The paper on WhyWhere entitled “Improving ecological niche models by data mining large environmental datasets for surrogate models” by David R.B. Stockwell, Ecological Modelling 192 (2006) 188â€“196 is finally available here. Note the source for the application is temporarily available here, due to a bad file on the main site.
The WhyWhere algorithm (and accompanying database of environmental data) developed from concern with two issues:
- Is eliminating the large number of possible correlates for species distributions justified?
- Is not considering a range of possible distributions of species responses to those variables justified?
It is easy to find justifications for the inverse of the questions, i.e. why certain variables such as annual averages of temperature and rainfall are included in models, and why certain distributions such as a bell shaped curve might be preferred, but is there any real reason for excluding alternatives, particularly when their value can be determined objectively by maximum accuracy or some other measure of utility?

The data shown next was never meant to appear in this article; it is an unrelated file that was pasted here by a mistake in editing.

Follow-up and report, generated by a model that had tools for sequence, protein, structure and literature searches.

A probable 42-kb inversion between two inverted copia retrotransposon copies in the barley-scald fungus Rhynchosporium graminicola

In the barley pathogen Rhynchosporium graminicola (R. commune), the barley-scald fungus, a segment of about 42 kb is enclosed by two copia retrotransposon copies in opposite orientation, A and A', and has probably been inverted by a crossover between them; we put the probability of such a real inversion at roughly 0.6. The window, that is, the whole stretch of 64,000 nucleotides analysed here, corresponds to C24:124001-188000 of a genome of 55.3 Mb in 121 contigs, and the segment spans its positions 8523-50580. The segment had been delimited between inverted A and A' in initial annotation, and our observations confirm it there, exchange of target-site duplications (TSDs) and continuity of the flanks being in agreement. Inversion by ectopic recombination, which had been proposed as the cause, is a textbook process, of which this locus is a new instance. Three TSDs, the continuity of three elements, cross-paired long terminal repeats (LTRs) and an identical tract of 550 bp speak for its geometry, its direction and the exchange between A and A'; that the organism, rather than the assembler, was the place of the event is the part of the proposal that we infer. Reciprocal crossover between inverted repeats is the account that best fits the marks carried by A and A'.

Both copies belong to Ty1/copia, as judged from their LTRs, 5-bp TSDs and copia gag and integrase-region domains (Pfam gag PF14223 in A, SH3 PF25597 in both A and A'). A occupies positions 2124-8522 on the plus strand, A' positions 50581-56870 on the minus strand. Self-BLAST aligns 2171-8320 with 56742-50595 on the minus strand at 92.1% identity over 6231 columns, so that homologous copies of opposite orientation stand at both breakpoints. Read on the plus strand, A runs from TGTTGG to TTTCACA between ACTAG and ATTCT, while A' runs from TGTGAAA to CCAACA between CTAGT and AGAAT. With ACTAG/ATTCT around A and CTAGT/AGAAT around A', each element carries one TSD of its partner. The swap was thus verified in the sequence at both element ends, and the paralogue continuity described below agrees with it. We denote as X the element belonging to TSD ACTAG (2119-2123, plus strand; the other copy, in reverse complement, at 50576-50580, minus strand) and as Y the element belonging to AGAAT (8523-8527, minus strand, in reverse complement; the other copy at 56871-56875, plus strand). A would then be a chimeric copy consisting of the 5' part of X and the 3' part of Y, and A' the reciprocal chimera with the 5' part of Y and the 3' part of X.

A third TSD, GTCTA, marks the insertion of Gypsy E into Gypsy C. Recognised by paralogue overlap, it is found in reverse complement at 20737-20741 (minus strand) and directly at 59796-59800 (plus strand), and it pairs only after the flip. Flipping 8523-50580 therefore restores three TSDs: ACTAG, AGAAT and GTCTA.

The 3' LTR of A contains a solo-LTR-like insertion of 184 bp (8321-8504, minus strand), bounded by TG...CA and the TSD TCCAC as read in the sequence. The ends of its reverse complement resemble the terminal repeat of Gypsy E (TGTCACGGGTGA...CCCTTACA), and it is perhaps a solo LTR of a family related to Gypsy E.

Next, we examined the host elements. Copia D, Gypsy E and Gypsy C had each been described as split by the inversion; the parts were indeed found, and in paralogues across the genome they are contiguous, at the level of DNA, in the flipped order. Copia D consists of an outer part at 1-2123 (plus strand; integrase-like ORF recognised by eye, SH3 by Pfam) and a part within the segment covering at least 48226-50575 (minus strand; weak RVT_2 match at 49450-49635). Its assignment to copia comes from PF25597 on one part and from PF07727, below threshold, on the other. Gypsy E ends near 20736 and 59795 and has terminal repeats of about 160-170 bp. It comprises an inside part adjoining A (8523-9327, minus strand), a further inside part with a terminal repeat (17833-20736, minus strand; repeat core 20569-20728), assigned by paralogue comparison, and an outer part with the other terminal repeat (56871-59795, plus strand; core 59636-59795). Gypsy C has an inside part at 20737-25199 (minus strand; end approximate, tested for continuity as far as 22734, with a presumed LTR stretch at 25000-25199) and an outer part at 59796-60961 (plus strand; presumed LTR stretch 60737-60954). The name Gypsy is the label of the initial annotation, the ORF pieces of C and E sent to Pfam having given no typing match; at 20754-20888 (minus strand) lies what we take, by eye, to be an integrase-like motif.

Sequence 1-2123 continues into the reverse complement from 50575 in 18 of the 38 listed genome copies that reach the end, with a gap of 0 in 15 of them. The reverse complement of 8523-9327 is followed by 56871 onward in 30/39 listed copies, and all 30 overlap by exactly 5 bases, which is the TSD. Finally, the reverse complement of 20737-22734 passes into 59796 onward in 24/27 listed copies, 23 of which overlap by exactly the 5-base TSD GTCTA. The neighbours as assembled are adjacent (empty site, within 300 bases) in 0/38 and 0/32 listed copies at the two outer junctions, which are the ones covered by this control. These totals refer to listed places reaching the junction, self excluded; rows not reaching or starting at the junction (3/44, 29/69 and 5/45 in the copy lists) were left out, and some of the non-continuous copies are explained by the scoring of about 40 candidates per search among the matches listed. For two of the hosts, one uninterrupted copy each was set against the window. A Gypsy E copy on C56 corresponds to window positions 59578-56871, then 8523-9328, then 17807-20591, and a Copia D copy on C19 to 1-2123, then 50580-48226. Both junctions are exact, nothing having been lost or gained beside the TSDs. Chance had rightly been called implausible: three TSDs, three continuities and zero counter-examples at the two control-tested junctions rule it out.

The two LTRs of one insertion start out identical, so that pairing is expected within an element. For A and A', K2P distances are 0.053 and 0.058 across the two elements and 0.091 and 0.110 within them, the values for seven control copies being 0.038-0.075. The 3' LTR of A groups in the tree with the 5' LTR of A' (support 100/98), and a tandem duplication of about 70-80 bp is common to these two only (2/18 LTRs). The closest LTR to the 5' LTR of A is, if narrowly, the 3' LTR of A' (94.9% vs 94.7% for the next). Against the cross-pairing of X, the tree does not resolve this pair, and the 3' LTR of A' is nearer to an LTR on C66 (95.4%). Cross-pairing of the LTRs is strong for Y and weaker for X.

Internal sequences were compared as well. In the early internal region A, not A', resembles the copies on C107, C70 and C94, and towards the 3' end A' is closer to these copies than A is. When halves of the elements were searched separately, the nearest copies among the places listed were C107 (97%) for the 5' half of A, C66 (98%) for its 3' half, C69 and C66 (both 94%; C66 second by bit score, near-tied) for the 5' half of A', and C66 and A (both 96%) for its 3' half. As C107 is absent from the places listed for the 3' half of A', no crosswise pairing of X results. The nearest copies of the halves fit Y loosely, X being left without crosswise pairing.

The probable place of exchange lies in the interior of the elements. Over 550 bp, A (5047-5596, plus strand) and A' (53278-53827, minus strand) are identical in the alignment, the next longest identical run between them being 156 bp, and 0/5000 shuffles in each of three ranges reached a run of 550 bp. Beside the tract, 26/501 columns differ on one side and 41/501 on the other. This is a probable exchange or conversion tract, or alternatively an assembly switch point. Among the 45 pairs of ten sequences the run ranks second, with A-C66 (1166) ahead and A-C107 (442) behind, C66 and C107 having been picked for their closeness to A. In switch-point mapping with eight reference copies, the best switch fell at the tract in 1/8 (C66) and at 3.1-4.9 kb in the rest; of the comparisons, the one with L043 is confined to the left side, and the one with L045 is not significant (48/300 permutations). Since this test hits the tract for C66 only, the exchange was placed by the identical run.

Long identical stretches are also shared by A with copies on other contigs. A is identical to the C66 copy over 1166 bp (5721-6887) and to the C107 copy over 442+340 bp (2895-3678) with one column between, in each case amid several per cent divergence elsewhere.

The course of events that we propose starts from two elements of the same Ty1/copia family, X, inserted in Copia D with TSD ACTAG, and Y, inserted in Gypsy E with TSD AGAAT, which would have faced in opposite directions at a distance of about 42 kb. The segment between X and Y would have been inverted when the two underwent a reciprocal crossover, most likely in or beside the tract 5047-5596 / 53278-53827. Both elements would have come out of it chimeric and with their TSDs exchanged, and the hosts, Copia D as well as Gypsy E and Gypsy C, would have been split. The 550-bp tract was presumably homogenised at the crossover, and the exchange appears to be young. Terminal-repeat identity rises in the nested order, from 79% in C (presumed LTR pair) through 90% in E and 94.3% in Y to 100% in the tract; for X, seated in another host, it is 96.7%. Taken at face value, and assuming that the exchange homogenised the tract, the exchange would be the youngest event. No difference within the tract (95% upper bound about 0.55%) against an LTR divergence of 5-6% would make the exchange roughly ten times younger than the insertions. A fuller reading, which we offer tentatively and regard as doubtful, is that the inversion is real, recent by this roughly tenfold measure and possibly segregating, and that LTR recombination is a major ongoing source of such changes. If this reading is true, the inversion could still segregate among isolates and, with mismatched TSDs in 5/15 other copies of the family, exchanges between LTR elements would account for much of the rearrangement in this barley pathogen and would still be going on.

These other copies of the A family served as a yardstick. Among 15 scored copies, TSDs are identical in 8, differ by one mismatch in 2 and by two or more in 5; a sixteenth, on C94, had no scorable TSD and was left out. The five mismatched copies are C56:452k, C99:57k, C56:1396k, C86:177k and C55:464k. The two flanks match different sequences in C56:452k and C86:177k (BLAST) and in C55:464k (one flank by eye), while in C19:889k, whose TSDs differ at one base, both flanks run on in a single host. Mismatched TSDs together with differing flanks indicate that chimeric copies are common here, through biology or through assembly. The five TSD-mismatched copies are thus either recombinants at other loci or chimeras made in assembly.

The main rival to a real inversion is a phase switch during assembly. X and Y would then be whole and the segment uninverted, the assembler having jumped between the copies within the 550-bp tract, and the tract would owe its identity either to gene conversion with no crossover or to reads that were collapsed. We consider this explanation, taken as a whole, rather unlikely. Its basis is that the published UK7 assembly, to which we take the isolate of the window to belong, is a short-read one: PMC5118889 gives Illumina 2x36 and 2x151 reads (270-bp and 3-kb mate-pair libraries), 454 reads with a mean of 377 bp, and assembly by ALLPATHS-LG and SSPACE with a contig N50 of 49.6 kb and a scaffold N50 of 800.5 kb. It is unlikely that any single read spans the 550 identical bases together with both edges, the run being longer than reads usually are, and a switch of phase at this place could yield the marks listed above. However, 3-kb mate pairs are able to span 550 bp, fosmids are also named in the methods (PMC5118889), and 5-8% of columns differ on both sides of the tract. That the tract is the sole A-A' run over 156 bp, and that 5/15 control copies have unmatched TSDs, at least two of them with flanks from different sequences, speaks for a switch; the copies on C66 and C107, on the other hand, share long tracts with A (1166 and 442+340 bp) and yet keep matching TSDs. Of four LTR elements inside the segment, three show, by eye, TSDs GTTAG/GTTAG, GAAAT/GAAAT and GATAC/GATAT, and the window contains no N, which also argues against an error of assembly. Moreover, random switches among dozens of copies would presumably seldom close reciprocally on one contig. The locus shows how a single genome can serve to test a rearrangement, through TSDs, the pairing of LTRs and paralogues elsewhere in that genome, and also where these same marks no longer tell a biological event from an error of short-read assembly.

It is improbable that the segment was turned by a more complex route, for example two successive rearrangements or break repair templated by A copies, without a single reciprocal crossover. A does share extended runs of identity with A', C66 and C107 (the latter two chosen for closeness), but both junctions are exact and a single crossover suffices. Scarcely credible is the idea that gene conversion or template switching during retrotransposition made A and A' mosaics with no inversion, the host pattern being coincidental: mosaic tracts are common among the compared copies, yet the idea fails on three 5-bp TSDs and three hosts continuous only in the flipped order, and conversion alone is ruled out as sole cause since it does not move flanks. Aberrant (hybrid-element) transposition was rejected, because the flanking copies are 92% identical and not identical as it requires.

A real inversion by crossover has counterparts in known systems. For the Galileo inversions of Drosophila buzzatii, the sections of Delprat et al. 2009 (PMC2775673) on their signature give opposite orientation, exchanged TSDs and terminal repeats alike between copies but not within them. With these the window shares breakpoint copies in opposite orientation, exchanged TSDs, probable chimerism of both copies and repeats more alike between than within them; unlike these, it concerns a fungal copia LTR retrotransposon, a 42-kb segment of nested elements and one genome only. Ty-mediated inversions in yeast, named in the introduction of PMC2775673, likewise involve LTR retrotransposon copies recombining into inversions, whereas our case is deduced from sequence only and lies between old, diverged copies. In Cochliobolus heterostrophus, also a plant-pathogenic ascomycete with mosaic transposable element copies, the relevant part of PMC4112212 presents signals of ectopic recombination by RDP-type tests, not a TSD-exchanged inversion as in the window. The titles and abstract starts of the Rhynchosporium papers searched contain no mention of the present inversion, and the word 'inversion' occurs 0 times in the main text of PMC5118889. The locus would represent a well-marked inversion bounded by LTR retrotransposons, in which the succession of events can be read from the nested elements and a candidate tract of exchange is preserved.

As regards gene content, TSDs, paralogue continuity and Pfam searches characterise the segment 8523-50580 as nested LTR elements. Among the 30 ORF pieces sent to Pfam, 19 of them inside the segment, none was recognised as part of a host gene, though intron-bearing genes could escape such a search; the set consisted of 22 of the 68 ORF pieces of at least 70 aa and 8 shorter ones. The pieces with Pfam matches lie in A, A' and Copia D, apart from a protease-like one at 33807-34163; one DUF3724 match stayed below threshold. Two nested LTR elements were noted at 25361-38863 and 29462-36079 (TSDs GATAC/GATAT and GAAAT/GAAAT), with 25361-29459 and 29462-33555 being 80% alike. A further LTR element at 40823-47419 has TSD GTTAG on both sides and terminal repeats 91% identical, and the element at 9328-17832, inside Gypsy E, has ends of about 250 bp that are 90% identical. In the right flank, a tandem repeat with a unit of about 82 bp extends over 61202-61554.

In questioning these assumptions with the WhyWhere algorithm, it was found that many variables not usually included in ENMs, such as monthly averages of climate, do indeed maximize accuracy. At other times, surprising variables such as distribution of density of beef cattle provide the best model (Yellow Star Thistle). In addition, examples have been found of variables that maximize accuracy and do not have bell shaped distribution – such as asymptotic (the Brown Tree Snake) and bimodal distributions (house price increase). The conclusion is that the preferences for annual averages and unimodal distributions in most ENM studies are questionable, and may produce models of species distributions with less than maximum accuracy.